Rarely a day goes by when we don’t hear of a huge multi-national corporation falling victim to cyber-criminals and losing some of their valuable data. In fact, it’s such a common occurrence that people have become desensitized to the fallout, adopting either an “it won’t happen to us” attitude or one that plays down the consequences – in other words, people are becoming numb to the effects of cyber-attacks.
But such an approach isn’t just the least intuitive, it also leaves organizations open to threats. Why? Simply because they have not implemented the right solution for their business.
The bottom line, whether we like it or not, is that the statistics and research show that cyber-attacks are not only real, but seriously devastating when they strike.
With the reputational damage and financial implications of security breaches well known, it is no surprise that many security vendors choose to adopt scare tactics that almost compel organizations to implement their solutions or face the consequences.
Indeed, with the new General Data Protection Regulation (GDPR) coming into effect on May 25, 2018, companies could face fines of up to €20 million or 4% of their annual worldwide turnover (whichever is greater).
Today, the stakes of getting cyber-security right have never been higher.
HERE’S THE REALITY…
According to Cisco’s latest Annual Cybersecurity Report 2018, “few organizations see IoT botnets as an imminent threat – but they should”. That’s because as botnets grow and mature, attackers can utilize them for increasingly devastating purposes, such as to conduct extremely powerful DDoS attacks.
Worryingly, despite the fact botnets comprising thousands or millions of devices can be mobilized quickly, and are ready to cause chaos 24/7/365, only 13% of companies see them as a major threat to their business in 2018.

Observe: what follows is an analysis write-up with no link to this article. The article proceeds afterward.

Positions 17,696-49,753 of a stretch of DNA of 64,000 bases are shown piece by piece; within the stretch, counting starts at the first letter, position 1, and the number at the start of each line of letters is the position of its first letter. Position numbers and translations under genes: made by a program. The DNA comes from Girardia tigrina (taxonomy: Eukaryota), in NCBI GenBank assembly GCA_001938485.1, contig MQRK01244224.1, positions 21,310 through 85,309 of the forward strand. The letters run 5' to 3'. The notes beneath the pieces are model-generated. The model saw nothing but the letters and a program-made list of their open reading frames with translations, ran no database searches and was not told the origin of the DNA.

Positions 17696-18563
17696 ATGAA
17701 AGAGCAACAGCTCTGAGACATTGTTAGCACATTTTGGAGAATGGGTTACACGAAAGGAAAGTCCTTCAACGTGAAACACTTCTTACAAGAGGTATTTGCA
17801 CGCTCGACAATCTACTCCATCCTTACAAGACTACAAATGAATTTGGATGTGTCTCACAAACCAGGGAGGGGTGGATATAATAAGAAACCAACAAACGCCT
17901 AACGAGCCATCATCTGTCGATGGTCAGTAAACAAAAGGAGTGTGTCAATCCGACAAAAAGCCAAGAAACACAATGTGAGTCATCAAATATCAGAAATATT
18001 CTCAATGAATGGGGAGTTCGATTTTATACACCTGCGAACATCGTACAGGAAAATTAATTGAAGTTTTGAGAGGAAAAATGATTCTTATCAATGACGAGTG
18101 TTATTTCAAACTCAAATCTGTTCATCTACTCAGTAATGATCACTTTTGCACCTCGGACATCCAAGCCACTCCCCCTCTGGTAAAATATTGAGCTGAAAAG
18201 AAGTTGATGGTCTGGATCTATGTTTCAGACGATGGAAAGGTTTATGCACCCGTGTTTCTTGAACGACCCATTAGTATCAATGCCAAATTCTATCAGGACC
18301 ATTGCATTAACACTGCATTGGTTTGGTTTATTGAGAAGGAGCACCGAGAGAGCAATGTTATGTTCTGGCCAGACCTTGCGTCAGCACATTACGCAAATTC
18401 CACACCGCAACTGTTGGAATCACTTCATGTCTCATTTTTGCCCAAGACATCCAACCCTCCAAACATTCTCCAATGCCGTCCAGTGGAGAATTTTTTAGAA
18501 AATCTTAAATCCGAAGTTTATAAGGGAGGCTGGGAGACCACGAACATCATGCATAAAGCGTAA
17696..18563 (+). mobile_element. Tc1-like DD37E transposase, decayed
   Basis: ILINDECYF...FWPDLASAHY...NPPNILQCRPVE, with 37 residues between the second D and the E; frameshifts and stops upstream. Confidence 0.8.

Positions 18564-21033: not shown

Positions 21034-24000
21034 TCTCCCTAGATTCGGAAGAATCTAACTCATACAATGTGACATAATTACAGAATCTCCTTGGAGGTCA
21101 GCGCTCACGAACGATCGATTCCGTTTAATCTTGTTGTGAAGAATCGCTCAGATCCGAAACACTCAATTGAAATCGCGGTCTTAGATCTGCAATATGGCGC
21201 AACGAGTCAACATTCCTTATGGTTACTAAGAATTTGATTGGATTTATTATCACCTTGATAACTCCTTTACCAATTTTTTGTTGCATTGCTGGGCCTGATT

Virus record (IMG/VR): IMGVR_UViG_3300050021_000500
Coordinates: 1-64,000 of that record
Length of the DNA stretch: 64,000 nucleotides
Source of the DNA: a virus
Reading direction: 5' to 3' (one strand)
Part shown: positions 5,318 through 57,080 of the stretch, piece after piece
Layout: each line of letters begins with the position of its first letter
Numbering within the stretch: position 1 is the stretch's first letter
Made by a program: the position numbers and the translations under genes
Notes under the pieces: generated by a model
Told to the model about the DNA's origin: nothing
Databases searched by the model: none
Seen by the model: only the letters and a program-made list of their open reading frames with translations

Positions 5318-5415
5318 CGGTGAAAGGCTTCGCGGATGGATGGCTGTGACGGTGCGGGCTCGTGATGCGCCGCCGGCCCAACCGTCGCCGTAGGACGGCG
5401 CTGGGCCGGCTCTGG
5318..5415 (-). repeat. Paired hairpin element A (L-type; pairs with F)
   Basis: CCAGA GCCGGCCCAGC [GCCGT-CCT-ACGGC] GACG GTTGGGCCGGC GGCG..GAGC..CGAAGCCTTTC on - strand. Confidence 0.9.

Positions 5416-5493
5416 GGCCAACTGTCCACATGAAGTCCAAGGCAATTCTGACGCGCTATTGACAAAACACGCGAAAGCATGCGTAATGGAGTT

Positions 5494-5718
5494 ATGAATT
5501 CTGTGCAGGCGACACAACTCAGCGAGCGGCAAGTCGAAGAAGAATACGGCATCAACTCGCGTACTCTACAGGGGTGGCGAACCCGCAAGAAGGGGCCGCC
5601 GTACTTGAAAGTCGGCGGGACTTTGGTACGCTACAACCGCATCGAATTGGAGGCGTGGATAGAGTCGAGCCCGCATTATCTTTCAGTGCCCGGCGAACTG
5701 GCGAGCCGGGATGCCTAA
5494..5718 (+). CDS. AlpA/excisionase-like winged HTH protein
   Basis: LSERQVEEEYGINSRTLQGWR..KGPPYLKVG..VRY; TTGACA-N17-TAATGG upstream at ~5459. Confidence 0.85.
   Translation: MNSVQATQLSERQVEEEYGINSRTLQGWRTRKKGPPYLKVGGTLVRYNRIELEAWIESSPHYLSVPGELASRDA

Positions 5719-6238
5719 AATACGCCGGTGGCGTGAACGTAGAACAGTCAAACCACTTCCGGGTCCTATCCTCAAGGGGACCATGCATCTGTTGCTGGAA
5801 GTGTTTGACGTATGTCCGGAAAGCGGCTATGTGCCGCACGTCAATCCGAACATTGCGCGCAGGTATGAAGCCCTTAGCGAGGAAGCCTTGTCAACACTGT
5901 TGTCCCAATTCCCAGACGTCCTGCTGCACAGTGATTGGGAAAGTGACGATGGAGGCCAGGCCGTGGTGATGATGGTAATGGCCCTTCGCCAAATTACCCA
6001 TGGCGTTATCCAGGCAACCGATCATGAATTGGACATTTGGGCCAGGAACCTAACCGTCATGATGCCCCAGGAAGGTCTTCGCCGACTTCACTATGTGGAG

Furthermore, the Cisco report highlights how application layer DDoS attacks are becoming more frequent, while network layer attacks are declining. This shift of approach has been attributed to the growth of botnets and the fact there’s little left to exploit in the network layer – testimony to the excellent advances in security that have been made in recent years.
But it’s not just DDoS attacks that organizations need to protect themselves from. According to a report from Carbon Black, released in October 2017, ransomware is growing at a rate of more than 2,500% a year.
Ransomware is especially disruptive for businesses as it literally holds their important data to ransom and threatens to destroy it unless a bounty is paid. It’s a vicious circle because the more companies that pay, the more hackers look to leverage this particular attack vector.
With cryptocurrencies now offering unscrupulous individuals anonymous mediums via which they can get paid, the ransomware phenomenon is only likely to increase in prevalence going forward.
Oftentimes, ransomware gets onto an individual’s computer and infects a network following a phishing scam. The curious nature of humans means that phishing emails are often opened. Despite the best efforts of organizations to educate their users about the risks posed through email systems, two-thirds of all malware was installed via email attachments in 2016.